Phone saga… again…

8 03 2008

I thought I’d solved the phone issue two years ago. Not so. (See these posts from 2006: 1, 2)

Short story—the TracPhone I had could not be activated with the new Airtime card I purchased as the SIM is no longer valid. It seems that because the number associated with that SIM got allocated to someone else after expiry, the only solution was to get a new SIM card sent out by the TracPhone people (of course, being on the road and needing a phone now, mailing out a replacement SIM card wasn’t an option!!).

So back to the supermarket to buy ANOTHER phone. It activated very quickly, so now I have a phone. But it’s a pain in the proverbial, this whole phone business.

I believe that my new-ish Australian mobile phone will work in the US, but last I checked it costs about $5 PER CONNECTION (plus international timed call charges) to take or make a call on my Aussie mobile in the US. A US$59.99 phone is cheaper! Though I hate the idea of having to throw the old one away.

Bloody phones… Bloody disposable society.


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3 responses

14 03 2008
Kirsty

I use my Aussie mobile phone, and have bought a T-Mobile SIM card when I travel to the US. Sim Card and phone num is $USD35 (including some dollars of calls), if I load it up with $100, then I get to keep the number for a year. If I know I’m coming back to the US within a year, I’ll do that, otherwise I might load it up with less dollars. Easy to buy the dollars to load it up at supermarkets; I have had hassles loading up with a single $100 amount over the phone, due to my Aussie credit card. But once I’ve gone through the painful process once, they have my card on record … as long as I use the same card next time (work/personal 1/personal 2…). I find it much easier than having different handsets, and all my numbers in phone memory are still available to me with the other sim card.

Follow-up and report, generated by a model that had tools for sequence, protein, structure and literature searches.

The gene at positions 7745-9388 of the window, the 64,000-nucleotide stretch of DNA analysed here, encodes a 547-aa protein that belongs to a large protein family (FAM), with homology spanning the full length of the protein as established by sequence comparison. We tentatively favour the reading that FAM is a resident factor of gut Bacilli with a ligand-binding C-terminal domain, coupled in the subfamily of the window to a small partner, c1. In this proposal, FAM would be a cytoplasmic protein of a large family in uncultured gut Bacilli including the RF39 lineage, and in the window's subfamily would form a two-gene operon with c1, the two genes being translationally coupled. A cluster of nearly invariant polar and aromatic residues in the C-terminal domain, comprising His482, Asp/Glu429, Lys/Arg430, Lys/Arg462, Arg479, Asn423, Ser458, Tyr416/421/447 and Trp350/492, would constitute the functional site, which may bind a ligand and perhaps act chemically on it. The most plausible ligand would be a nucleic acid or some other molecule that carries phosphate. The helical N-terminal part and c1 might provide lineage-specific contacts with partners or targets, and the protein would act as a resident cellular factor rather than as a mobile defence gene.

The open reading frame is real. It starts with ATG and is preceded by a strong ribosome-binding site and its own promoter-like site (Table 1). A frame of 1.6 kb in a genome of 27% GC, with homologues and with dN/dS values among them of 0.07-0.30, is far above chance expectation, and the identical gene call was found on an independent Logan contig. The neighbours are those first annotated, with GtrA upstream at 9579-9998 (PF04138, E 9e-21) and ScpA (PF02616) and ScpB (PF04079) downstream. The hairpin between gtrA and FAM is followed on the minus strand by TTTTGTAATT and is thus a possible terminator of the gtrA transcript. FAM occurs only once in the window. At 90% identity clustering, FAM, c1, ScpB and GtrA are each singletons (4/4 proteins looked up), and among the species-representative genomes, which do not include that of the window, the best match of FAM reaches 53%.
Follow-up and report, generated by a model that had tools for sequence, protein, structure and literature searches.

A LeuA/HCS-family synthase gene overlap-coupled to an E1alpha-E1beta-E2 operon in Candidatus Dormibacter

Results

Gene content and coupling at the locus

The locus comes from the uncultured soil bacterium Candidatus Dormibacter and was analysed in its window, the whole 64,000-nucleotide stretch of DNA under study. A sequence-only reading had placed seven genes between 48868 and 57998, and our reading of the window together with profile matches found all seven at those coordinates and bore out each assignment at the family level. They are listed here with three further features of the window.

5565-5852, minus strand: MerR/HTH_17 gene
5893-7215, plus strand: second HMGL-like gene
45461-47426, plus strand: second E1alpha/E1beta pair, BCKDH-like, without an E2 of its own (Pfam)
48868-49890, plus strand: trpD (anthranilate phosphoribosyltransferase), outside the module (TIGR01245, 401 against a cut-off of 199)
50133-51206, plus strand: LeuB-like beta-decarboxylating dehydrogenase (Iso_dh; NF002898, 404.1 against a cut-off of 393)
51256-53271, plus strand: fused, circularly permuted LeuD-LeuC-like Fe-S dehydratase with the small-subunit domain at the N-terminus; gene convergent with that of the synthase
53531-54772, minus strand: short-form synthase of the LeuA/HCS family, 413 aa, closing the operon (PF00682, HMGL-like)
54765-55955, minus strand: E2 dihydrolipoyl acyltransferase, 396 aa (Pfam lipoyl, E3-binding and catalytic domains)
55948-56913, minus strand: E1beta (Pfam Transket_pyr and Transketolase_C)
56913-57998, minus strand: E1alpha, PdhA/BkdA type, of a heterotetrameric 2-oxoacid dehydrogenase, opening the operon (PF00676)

14 03 2008
sandgroper14

Thanks Kirsty! I’ll try that next time. It seems an easier – and cheaper – option.

16 03 2008
DeepFraught

Instead of throwing it away at the end of trip, use it as a “tip” and give it to a local whom you found helpful, or play the game of random act of kindness at the airport in the US Residents queue.

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